Which president do you trust to stock our defense and intelligence agencies with Arabic-speaking experts who can prosecute the war on terror: the president of the United States, George W. Bush, or the president of the Middle East Studies Association (MESA), Juan Cole? You're going to have to decide, because presidents Bush and Cole are even now involved in a tug-of-war over the administration's newly announced National Security Language Initiative.
In a sense, National Review Online and its readers are involved as well. Years of public infighting (much of it covered on NRO) over failed Title VI subsidies to Middle East-studies programs have prompted the administration to attempt an end-run around professor Cole and his friends. Instead of pouring millions more dollars into programs that have failed to produce government linguists, the administration is trying something new.
Last month, the president launched a major new language-training initiative directly tied to our defense and intelligence agencies, with robust requirements for government service in exchange for government subsidies. Cole and the academic establishment are not pleased. They'll soon be doing everything they can to water down government-service requirements and break the link between this new scholarship program and our defense and intelligence agencies.
The President's New Plan
Addressing an audience of university presidents at the State Department on January 5, the president tied his new $114 million language initiative directly to the war on terror. Although the education establishment routinely demands that language scholarships be sponsored by the Department of Education alone, the president noted that the new initiative would be supervised, not only by Education Secretary Margaret Spellings, but also by Secretary of State Rice, Defense Secretary Rumsfeld, and National Intelligence Director John Negroponte, all of whom were in the audience as the president spoke.
Secretary Rumsfeld, the president said, "wants his young soldiers, who are on the front lines of finding these killers, to be able to speak their language and be able to listen to the people in the communities in which they live." "We need intelligence officers," said the president, "who when somebody says something in Arabic or Farsi or Urdu, know what they're talking about." The president is right. The need is profound. Of course, we know that intercepts from the 9/11 hijackers were left unheeded for want of translators. But the lack of trained linguists continues to hurt us in many other ways. A covert American attempt to take out Iran's nuclear facilities would be particularly difficult because of the lack of linguistic competence in our defense and intelligence agencies. American troops risk alienating the very Iraqis they're trying to help when they can't communicate with them. And the critical task of translating Saddam's captured documents has been slowed, in large part, because we have so few translators.
So do America's educators want to help? Robert Birgeneau, chancellor of the University of California, Berkeley learned a year ago in discussions with the CIA that their needs were "desperate." Yet Birgeneau told the New York Times that as far as America's college presidents are concerned, language training for the government is "not our central focus." John C. Eisele, executive director of the American Association of Teachers of Arabic said of the president's National Security Language Initiative, "This is not really a good thing." Ali Banuazizi, who preceded Juan Cole as president of MESA, said that, "placing language learning within security studies...is not good educational policy." Richard S. Meyers, president of Webster University in St. Louis, which has campuses in nine foreign countries, said he hoped the new initiative would not be "connected with some kind of government commitment before you get your education." After the president's remarks, Peg Lee, president of Oakton Community College, in Illinois, said "I wish there had been less emphasis on defense [and] more emphasis on building global community." And MESA president Juan Cole himself said he was troubled by the Pentagon's role and noted that MESA had "urged people to be cautious about taking money that has strings attached."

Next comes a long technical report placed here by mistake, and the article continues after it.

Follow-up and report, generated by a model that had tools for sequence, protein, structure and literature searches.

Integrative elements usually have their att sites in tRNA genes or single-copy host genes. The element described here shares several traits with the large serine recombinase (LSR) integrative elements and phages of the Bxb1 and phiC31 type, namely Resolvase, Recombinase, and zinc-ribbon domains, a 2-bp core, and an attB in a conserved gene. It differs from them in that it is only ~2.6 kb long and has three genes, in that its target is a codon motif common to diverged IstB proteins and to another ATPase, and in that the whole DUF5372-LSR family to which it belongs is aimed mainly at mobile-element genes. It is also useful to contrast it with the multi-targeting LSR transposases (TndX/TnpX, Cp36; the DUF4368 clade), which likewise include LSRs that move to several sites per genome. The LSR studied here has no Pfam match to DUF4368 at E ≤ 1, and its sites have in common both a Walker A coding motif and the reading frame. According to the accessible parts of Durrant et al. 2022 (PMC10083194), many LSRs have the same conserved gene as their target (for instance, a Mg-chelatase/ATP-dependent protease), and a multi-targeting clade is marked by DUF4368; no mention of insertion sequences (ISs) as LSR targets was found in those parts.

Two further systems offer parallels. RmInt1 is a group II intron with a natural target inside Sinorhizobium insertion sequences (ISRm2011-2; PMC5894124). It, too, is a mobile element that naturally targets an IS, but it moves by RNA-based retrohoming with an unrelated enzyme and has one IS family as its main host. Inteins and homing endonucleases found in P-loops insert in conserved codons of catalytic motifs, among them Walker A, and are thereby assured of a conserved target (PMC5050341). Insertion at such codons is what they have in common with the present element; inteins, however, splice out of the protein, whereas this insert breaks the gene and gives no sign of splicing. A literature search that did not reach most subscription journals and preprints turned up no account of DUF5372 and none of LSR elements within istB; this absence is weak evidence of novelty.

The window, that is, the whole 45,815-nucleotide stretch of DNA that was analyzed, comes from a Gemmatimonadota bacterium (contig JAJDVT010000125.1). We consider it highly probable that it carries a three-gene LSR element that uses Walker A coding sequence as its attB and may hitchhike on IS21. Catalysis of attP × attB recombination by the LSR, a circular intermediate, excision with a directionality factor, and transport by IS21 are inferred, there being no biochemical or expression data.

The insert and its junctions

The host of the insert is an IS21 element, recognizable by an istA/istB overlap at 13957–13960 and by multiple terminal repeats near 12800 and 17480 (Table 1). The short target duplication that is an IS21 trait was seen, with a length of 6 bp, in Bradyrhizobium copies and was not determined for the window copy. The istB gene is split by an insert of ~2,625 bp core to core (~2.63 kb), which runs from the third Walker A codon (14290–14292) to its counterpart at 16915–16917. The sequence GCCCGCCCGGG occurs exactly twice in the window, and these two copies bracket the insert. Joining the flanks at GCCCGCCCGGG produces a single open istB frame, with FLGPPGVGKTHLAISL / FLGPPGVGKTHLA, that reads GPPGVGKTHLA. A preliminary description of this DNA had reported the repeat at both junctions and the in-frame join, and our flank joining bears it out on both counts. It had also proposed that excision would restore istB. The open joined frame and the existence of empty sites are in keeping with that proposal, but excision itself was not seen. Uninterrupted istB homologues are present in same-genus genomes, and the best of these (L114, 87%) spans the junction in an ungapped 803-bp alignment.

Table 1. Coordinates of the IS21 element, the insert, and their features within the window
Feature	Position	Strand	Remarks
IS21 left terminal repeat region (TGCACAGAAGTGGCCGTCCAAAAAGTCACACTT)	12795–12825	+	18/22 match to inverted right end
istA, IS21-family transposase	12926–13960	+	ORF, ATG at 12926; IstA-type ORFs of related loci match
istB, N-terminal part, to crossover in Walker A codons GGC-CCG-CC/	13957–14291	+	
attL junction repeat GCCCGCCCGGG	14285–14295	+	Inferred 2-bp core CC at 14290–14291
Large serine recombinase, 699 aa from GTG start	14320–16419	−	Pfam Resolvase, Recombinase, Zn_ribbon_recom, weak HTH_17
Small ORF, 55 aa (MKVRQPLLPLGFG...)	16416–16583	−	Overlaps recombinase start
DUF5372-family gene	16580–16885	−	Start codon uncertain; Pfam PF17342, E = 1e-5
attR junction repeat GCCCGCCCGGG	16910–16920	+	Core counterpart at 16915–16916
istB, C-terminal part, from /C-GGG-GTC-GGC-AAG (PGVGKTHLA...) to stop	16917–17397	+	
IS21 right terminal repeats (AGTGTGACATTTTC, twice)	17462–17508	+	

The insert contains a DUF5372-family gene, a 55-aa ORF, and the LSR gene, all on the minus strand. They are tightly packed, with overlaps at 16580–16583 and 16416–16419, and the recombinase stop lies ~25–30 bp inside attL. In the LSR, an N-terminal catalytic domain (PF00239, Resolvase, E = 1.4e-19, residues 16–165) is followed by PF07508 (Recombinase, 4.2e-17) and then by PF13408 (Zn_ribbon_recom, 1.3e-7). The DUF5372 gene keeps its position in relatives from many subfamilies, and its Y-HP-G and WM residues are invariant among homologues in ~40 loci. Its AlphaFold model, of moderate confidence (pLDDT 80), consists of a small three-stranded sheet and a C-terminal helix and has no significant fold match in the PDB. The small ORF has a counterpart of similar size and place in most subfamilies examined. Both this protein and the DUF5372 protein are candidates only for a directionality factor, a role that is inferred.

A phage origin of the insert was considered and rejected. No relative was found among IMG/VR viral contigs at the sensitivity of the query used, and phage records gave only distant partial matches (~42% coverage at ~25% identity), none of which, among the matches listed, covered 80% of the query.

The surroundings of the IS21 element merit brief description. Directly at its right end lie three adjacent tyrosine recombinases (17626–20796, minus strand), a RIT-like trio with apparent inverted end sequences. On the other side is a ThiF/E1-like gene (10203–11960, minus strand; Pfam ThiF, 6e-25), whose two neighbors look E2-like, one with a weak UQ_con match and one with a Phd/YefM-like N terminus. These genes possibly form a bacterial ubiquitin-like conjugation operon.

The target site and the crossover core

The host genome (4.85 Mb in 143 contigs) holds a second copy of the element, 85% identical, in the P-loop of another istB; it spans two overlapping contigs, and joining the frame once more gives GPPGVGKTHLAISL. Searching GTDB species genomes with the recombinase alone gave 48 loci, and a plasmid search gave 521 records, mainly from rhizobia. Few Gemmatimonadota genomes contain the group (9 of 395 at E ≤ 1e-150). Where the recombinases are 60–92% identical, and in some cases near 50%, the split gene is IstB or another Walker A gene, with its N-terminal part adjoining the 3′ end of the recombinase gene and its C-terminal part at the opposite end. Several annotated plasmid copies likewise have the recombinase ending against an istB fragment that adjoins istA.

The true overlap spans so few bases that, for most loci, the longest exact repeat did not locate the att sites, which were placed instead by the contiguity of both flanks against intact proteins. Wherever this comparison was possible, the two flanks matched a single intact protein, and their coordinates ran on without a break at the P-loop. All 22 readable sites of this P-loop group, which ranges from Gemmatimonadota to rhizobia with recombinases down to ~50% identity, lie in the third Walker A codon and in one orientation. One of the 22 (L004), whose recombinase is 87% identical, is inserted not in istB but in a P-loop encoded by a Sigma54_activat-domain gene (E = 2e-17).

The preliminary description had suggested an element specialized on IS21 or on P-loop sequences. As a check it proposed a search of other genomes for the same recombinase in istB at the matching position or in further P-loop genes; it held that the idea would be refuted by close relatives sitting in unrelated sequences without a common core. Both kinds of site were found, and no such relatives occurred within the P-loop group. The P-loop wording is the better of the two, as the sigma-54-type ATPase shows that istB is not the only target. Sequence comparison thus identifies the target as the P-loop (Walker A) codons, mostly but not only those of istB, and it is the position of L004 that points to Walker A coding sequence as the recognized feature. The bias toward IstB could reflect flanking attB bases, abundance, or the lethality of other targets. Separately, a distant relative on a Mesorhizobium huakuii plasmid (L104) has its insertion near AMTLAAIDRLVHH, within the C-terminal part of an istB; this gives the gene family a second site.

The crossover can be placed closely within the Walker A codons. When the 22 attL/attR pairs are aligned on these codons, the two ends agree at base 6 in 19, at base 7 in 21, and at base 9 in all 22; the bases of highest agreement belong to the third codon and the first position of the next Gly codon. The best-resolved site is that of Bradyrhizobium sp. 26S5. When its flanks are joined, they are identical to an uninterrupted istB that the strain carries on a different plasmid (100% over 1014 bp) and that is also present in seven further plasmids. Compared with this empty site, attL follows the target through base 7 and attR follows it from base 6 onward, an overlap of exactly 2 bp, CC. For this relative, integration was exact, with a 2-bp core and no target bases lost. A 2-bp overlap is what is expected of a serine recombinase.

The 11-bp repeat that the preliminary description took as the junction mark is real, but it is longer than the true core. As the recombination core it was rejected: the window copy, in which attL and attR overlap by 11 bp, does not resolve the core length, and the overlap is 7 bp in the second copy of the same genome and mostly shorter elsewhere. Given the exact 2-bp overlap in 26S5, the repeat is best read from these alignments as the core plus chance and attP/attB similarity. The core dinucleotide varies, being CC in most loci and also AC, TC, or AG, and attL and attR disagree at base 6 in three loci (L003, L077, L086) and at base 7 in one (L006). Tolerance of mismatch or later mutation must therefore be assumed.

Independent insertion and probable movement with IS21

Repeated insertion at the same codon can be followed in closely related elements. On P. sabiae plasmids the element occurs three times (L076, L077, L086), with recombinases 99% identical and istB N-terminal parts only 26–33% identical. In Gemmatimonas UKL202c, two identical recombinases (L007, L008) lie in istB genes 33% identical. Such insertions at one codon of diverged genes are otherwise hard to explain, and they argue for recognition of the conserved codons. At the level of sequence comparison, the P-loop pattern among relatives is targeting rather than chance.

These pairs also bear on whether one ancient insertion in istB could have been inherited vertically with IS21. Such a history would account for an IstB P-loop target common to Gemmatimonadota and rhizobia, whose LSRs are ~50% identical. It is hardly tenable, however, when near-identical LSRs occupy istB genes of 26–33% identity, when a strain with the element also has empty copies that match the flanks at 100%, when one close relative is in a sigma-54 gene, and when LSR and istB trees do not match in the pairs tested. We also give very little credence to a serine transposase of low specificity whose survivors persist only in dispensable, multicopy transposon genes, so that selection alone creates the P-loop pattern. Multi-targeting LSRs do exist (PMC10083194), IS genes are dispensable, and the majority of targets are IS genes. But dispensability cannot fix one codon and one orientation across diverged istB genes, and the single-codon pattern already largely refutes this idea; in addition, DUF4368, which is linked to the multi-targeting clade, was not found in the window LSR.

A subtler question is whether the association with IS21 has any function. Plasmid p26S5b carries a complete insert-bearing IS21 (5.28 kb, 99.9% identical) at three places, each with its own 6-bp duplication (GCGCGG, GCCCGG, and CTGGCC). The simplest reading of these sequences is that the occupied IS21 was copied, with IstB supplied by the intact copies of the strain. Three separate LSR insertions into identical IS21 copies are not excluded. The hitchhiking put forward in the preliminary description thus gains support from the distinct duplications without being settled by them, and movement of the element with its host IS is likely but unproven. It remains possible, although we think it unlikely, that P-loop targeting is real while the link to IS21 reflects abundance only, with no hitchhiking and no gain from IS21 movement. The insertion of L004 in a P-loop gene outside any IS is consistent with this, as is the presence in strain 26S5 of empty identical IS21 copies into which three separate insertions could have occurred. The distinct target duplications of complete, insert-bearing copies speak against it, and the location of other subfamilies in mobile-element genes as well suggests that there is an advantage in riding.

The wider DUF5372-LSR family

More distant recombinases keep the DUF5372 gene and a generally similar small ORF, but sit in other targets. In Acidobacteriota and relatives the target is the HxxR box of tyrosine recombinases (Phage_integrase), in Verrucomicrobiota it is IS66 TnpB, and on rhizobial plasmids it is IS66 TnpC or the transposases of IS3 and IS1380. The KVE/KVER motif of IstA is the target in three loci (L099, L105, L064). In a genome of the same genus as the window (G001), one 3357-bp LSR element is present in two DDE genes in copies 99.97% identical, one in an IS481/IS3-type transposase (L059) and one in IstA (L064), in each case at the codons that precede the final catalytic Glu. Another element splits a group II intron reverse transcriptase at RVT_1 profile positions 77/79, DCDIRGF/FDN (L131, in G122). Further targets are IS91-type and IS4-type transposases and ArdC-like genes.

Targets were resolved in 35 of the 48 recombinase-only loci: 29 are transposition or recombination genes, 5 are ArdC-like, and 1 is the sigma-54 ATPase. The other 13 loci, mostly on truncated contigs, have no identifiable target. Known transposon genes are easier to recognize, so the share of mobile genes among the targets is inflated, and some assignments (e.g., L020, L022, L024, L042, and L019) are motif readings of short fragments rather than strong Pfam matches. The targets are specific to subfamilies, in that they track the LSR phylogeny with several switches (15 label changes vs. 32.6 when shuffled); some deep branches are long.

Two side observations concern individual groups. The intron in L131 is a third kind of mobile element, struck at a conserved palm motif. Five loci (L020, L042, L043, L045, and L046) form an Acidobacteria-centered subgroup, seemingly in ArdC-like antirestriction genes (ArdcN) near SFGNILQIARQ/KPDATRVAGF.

Of course, Cole and the others profess to be happy that the government is spending more money on language education. They just want those strings removed. But why? After all, there's no special title of the higher-education act devoted to subsidizing programs of art history or philosophy. The federal government subsidizes Middle East and other area studies programs for reasons of national security. The government is perfectly entitled to see that it gets something in return for its investment. Despite the millions of federal dollars they regularly pocket, area studies programs have failed to create a significant pool of recruits for our defense and intelligence agencies. That's why the president has decided that instead of increasing funding for Title VI, it's time to try a new approach with more accountability.
The excuse most frequently offered for opposing scholarship service requirements at our defense and intelligence agencies is the supposed danger this poses to students in the field. What if people in other countries start to see American field researchers as spies? But field workers in the Third World have worked under such suspicions for decades. No scholarship is going to change that one way or the other. The National Security Education Program has had a government-service requirement for years, and field workers have had only a few, isolated problems abroad, no more than field workers without NSEP scholarships. Can you imagine these lefty professors objecting to students working for civil rights in the American South because it might put them in danger? Our professors are happy to feed off of millions of taxpayer dollars. Will they do nothing in return to safeguard the lives of our troops?